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The Manila Pride March 2009



On December 6, 2009, I attended Asia’s oldest Gay pride march in Manila. As my second time of attendance, my first time was in 2007, I knew what it felt like to be part of the community. I know every attendance in the march is another experience. It was.

I went on through a FX taxi cab and dropped myself at Remedios in Malate, Manila. I arrived 3:30 pm at the circle. There were already crowds preparing for the march and the first thing that I did was to seek familiar faces that I met before. I recognized Father Richard Mickley, an Anglican priest whom I approached instantly. Soon I met people from the ProGay. There was Marlon Lacsamana, a strong soul who was ousted from a college where he worked way back for having a wedding event with another man. I also met other gay people from the Gay Men’s Support Group, Quezon City.

I find this year’s march interesting. I am attentive to the political aspect of the march considering next year’s election and to the recent dis-accreditation of Ang Ladlad partylist from the COMELEC (Commission on Election).

But all through the event I still am pondering about my involvement to the march. Before I went out from my room I prepared an outfit that I can wear. I designed a shirt which was intended for last year’s march but due to circumstances I was not able to go to the march.

I was able to wear the shirt for this year’s pride march. It was a black shirt with a nine pointed star design on front with hues of rainbow pride colors plus white. Out from each rays are the letters D-I-V-E-R-S-I-T-Y which fit the exact 9 numbers.

I brought myself as a gay man and as a Baha’i to the march which may seem awkward to some members of my religious community. I did. I registered myself as an individual participant which led me to another worry, finding a contingency. Everyone is heating up their excitement for the march and groups are beginning to pile up. A gay friend asked me as to what contingent would I be joining in and I jokingly answered,” I’ll just be like a butterfly transferring from one flower to another”. During the march I temporarily joined in with the Wiccan gay community since Marlon L. was there and then passing through the Amnesty International group, the contingent from the Commission on Human Rights and finally I went on with Father Richard’s group to the end of the march.

A group of Christian fundamentalists was getting more noticeable as we headed from Remedios to Roxas blvd. which confirms the unusual experience this year. I encountered these groups four times at the whole duration of the march. We get out ourselves out of their way by answering and joking back to their nasty calls.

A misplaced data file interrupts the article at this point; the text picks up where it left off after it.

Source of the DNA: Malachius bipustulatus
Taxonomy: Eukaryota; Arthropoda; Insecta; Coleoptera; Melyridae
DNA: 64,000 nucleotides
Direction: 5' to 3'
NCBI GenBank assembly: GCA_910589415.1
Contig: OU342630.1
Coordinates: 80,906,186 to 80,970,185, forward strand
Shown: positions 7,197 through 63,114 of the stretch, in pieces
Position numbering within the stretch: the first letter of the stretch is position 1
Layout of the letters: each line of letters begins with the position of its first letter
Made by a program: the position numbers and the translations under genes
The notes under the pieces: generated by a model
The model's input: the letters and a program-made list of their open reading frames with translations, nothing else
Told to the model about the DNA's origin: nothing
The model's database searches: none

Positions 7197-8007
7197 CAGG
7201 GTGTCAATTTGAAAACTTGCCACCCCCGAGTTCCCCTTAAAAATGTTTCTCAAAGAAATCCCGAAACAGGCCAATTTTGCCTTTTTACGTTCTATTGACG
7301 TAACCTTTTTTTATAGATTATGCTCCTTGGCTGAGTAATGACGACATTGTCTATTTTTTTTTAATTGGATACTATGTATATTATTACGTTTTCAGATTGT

The march finally ended at Orosa, Malate where there was a prepared program. Various groups addressed themselves for solidarity at the stage. Some prayed while some can’t help pour in their angst over the fundamentalists they encountered a while ago. Danton Remoto of the Ang Ladlad Partylist took part part in pouring his angst over the COMELEC. Women politicians like Liza Maza and Riza Hontiveros voiced out their support for the community. People were clapping and shouting their names out for support.

As I go over and stayed until the end of the program I felt the sense of responsibility and the need for courage. Never before did I have this since I came out using my personal web/blog site 6 years ago. The corner of Orosa-Nakpil street in Malate is where gay bars are mostly situated. You see topless men and transsexuals flaunt out their best. You see different faces and sizes of gay people but most are straight–acting gay men.

But there was something more to this place. Something I felt when I first visited it. It felt like a safe sanctuary. But this sanctuary is targeted for people who only go out at night from work to hang-out with other gay men. This sanctuary is not the working places, schools, public building which I go to in Quezon City. If only this two-street sanctuary could extend its way much bigger than my own room and my comfort room. As I move ahead out of this place, this responsibility and courage continues to remain until I go back again next year.

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